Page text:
“The Twilight Zone” was an idea machine. Led by prolific creator Rod Serling and his adventurous storytelling recruits, the episodic sci-fi anthology delighted and challenged viewers with its active creative ambitions and willingness to embrace taboo topics. But, despite first wrapping in 1964, “The Twilight Zone” didn’t go anywhere. The machine was self-sustaining, inspiring everything from ’80s and early aughts revivals to fresh original series like Fox’s “The X-Files” and HBO’s “Room 104.” Serling’s “dimension of imagination” never closed; just like the weekly episodes kept changing into something new, the series developed fresh for each new generation.
So the excitement surrounding the revived 2019 “Twilight Zone” isn’t really about resurrecting the old show. Sure, the eerie opening music and playful approach to ghastly one-off stories may trigger a touch of nostalgia for some, but what’s driving interest in the third official entry in the franchise is the same thing that gripped people from the get-go: who’s manning the machine, and what he hopes to do with it. Right now, it’s hard to picture a more ideal Serling stand-in than Jordan Peele, and after four episodes, it’s clear the sketch comedian turned horror auteur recognizes the power and opportunities within this template. His “Twilight Zone” (along with co-producer Simon Kinberg) is thoughtful, personal, and aggressive in its mission to expand our perspectives. And so far, it’s a more than worthy follow-up.
Though at times more somber than it needs to be, the CBS All Access edition can also be playful in construction and tone. Take the first episode, “Nightmare at 30,000 Feet.” A spinoff of sorts from the William Shatner-starring Season 5 episode, “Nightmare at 20,000 Feet,” the homage illustrates many of the facets that made the original so successful without turning into a redundant repetition of its story. For one, it’s only a half-hour long, just like four of the five original seasons. For another, it’s built around an inventive mystery the audience solves along with the episode’s lead, Adam Scott. Without getting into spoilers — and be wary of learning too much, as half the fun of these sort of anthology series is discovering what genre, star, and story will be served up each week — “Nightmare” quickly builds a boundless universe within a contained space, populates it with curious characters, and builds to a satisfying crescendo.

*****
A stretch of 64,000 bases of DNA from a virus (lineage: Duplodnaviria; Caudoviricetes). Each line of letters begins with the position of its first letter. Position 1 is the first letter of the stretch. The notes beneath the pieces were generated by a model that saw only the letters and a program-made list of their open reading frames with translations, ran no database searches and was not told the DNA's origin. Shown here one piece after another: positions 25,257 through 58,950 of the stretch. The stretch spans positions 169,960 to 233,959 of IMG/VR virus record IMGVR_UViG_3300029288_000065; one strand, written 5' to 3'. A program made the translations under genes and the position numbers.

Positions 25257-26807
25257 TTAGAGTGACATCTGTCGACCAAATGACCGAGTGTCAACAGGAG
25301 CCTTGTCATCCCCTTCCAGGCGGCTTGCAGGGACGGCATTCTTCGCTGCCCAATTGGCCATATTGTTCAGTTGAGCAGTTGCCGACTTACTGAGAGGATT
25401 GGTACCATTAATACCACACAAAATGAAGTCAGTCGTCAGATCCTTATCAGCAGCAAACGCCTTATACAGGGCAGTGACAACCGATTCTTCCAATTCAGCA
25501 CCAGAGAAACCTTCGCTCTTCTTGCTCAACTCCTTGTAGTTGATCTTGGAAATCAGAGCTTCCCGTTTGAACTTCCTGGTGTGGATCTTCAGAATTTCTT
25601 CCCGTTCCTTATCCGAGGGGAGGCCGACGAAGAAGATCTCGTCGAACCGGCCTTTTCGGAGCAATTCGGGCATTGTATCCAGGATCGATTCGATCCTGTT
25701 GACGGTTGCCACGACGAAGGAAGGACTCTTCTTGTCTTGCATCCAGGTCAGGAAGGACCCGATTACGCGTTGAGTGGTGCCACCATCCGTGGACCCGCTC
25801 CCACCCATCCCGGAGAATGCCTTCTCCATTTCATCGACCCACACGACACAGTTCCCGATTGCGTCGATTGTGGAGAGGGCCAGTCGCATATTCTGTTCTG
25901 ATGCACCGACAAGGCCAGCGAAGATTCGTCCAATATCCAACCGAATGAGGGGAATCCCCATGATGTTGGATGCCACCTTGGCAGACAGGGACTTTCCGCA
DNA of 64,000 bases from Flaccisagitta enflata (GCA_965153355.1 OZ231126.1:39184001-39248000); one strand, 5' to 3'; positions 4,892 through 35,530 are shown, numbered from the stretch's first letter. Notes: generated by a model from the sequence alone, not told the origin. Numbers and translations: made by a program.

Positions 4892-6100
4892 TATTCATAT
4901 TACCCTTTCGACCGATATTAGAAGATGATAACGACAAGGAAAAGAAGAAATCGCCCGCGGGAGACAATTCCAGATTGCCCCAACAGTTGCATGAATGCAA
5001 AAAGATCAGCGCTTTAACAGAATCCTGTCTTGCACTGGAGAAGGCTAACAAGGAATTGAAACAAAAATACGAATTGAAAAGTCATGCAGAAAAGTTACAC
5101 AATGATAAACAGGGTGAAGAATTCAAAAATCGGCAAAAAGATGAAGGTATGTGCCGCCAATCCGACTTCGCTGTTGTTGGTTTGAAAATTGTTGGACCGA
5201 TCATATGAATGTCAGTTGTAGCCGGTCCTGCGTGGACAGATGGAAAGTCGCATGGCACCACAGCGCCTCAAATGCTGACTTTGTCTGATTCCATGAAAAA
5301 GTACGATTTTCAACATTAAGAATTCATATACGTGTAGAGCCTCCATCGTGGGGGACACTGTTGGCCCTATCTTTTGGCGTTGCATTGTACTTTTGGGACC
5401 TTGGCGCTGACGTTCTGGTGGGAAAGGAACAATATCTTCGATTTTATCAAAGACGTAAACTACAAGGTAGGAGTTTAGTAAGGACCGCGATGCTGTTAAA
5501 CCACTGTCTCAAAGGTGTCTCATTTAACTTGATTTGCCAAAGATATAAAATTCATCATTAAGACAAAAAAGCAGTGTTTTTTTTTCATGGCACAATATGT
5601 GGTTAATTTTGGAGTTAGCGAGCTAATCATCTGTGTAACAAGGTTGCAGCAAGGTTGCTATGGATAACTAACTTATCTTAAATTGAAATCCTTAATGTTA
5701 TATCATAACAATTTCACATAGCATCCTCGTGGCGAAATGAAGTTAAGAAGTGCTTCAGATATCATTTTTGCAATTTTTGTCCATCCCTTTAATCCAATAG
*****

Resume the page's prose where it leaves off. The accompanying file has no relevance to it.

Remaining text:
These were all staples of the original series, and they’re dutifully resurrected in 2019. As is the nature of starting over each week, not all episodes are created equal. One of the first two entries, “The Comedian,” is the weakest of the first four, though even its predictable path and plodding pace come with the benefit of Kumail Nanjiani’s nuanced performance and a moral message worth dwelling on. Episode 3, “Replay,” is more judicious with its hourlong structure, amping up the relevance, reality, and representation inherent to Serling’s politically-minded pieces. (Plus, “Shots Fired’s” Sanaa Lathan and “Snowfall’s” Damson Idris are the definition of dream casting for any devout TV fan.)
And here’s where Peele’s “Twilight Zone” really starts to define itself. While the 2019 team is happy to go off on a plot-driven joyride when the twists and turns are tight enough, most episodes are focused on message. That’s not to say they sacrifice narrative, so much as they recognize the genius of Serling’s setting. Yes, each narrative takes place in an alternate dimension, but they’re still telling stories to a real audience in the real world who will bring their own reality to the proceedings. Serling could bypass the limitations of typical television, like censorship and self-parroting, by moving to a new topic and temperament each week, allowing him to explore whatever mattered most as he was writing. Peele latches onto a similar mentality while shifting between moral lessons on the cost of fame, to being black in America, to a world imprisoned by its borders.
Peele and Kinberg select their cast and crew with an eye toward highlighting under-heralded talent. Steven Yeun gets to sing Christmas karaoke, but that same episode introduces us to the excellent Marika Sila. Adam Scott gets to show why his serious side is just as charming as his comedy chops, but Chris Diamantopoulos steals every second he’s on screen. Meanwhile, Episode 4, “A Traveler” is directed by “A Girl Walks Home Alone at Night’s” Ana Lily Amirpour and “Replay” is written by New York Times essayist-turned-screenwriter Selwyn Seyfu Hinds. These producers aren’t hiring people to execute a predetermined vision — as often happens in TV — but hiring people with exciting perspectives to bring their own visions to life.
Peele is clearly an artist with many ideas. Setting aside the bursting realms within “Us,” he also launched a more comedic spin on “Twilight Zone” earlier this year: “Weird City” is like YouTube’s funny red tether to CBS All Access’ aboveground counterpart. Yet there’s room in this world for both shows, and clearly a demand for as many stories as Peele can produce. “The Twilight Zone” isn’t a filtered down version of the original, nor of its narrator’s own work. Peele’s stamp is all over it, but so are the many welcome imprints of various writers, directors, and stars. It’s an inclusive space as much as a creative one, making the 2019 “Twilight Zone” a new machine built to last.
“The Twilight Zone” premieres its first two episodes Monday, April 1 on CBS All Access. Subsequent entries will debut every Thursday, starting April 11.